What is surprising, on the other hand, is the large difference in maternal components between single and multiple infections, which becomes apparent not only by the magnitude of their absolute contribution (Fig. 3) but also by the opposite sign of effects (Fig. 4c). Maternal effects in immunity are well known for vertebrates (Grindstaff et al., 2003) but have recently also been described for invertebrates (Little et al., 2003; Sadd & Schmid-Hempel, 2007). In those studies, a pre-exposure of the mothers lead to a (facultatively) increased and also specific resistance against the parasite in offspring. As, the beetles used as breeders in this experiment were themselves not exposed to the parasite, different mechanisms must apply. One possibility is that specificity of host–parasite interactions in individuals, whose mothers have not been previously exposed to parasite, is mediated by genetic and especially epistatic components that are constitutive because of their presence in the genome. Maternal effects in unchallenged mothers may constitute a more general form of resistance probably resembling general vigour. Only upon exposure of the mother, maternal components conferring specificity might be up-regulated and transmitted to the offspring.

Another possibility is that the two parasite isolates (i.e. NL7 and NS3) that were added to the single infection isolate simply reveal higher contribution of maternal components and therefore reflect specific genetic architectures of each strain rather than a general difference between single and multiple infections. As we did not investigate the genetic architecture of survival with these two isolates in single infections we cannot rule out this possibility. Given the very small, albeit in the majority significant, values of the absolute parameter estimates for maternal components in the single infection treatment (Table 3) along with the reversal of the correlation from positive to negative (Fig. 4), we would argue that such a large shift seems unlikely for other single infections. Furthermore, we chose all isolates specifically so that their mean virulence did not differ in previous single infection experiments including all parental lines used to found the line crosses in this study (Otti, 2007), which rules out that differences in the observed architecture were based on different parasite virulence alone. In total, host mortality caused by multiple infections was significantly lower in the multiple infection treatment (Table 2). As the parasite isolates did not differ significantly in virulence in single infections (Otti, 2007), we would have expected a similar expression of virulence in the multiple infection treatment. Although we do not know if exposure with multiple parasite isolates really resulted in multiple infections, one explanation for the reduction in virulence therefore is competition within the host, which has previously been reported for a variety of experimental systems (Ben-Ami et al., 2008; Rauch et al., 2008). Yet, such competition might not necessarily result in the strains with lower virulence to prevail.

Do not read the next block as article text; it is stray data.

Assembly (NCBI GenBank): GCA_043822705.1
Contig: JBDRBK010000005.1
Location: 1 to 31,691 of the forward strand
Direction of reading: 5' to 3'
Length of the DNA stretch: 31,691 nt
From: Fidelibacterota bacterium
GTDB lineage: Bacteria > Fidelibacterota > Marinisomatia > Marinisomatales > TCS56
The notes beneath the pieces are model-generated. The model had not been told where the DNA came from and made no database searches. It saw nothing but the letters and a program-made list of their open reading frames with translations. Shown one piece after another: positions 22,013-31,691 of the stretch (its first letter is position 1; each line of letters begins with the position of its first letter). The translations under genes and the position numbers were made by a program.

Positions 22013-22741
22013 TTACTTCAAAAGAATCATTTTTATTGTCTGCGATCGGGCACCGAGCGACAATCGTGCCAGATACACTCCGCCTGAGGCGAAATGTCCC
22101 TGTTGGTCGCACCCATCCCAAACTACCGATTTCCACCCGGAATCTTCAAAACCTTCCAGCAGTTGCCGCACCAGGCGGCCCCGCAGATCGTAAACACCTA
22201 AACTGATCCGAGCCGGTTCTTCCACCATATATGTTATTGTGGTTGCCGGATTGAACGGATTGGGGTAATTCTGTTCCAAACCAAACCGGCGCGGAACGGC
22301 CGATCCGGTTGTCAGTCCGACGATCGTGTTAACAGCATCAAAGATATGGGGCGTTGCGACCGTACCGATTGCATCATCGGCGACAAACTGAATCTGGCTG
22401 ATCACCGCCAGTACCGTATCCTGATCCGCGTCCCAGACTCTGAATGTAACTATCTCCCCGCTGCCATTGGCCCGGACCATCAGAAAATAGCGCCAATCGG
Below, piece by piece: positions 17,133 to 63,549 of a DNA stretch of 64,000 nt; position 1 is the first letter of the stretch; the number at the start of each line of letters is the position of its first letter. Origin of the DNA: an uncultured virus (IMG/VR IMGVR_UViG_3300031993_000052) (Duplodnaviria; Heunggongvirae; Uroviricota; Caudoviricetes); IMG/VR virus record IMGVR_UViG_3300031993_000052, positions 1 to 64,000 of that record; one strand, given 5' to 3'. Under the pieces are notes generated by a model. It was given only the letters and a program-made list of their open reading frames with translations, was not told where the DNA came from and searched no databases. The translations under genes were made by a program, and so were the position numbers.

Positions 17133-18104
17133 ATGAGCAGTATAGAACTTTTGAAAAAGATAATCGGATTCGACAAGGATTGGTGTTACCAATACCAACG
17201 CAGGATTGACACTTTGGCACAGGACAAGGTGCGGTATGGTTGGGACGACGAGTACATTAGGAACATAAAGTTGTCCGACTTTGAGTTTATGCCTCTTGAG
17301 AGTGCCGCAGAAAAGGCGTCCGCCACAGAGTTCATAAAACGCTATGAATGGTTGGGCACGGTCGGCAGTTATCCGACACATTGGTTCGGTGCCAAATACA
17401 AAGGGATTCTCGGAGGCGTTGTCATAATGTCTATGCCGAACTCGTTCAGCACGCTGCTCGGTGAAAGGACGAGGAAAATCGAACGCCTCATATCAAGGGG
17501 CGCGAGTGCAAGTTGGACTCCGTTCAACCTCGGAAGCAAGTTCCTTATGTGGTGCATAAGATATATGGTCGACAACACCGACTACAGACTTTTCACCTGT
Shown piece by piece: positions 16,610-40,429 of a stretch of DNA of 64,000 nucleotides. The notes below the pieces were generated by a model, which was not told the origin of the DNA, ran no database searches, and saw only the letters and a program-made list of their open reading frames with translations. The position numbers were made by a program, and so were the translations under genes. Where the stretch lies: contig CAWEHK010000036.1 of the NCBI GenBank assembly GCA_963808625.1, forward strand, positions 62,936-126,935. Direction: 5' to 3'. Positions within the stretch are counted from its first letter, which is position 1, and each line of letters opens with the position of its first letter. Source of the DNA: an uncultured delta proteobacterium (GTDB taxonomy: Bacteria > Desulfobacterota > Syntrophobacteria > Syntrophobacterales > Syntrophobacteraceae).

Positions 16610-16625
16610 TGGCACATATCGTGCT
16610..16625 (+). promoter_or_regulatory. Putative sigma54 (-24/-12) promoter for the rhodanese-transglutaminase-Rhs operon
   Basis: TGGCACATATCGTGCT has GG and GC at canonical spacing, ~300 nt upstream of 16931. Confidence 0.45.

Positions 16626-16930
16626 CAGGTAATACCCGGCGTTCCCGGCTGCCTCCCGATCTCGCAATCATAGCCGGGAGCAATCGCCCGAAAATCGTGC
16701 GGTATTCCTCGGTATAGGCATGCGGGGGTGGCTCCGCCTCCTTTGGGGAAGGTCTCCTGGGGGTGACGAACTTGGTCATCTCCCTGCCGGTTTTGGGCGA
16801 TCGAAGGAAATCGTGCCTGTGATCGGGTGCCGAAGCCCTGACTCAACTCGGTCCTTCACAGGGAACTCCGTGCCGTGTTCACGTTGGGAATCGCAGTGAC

The presence of strong maternal, possibly X-linked, components is also in line with genetic effects governing other traits and male specific hybrid breakdown reported for T. castaneum (Demuth & Wade, 2007b), where interactions between X-linked and autosomal genes seem to be at least partly responsible. The T. castaneum X-chromosome is characterized by a high concentration of immune genes mainly involved in signalling pathways (Zou et al., 2007; Richards et al., 2008; KM Wegner, personal observation) and according to an earlier study in Drosophila melanogaster an interaction between signalling genes and genes located up- or downstream in the cascade is likely to bear the signature of epistasis (Lazzaro et al., 2004). Our results now suggest that resistance conferred by such epistatic interactions might represent the genetic architecture of a single infection. The combination of several genetic architectures in multiple infections lowers the overall effect of epistatic components (Fig. 3) suggesting that specific genetic architectures cancel each other out. Maternal components, on the other hand, gained more importance in multiple infections, which will result in a different evolutionary trajectory in multiple infections compared to single infections (Figs 3 and 4). Therefore maternal components and their potential feedback on host–parasite co-evolution in general should be considered further to identify the crucial genetic components that determine the topology of the fitness landscape in the more realistic case of multiple simultaneous infections.


We thank Lisa Shama, Oliver Otti and Christoph Hutter for assistance in the lab. This study was financially supported by an ETH-grant nr. TH-09 06-1 to PSH, and SNF grant 31-120451 to KMW; supported by the Genetic Diversity Centre of ETHZ (GDC) and CCES.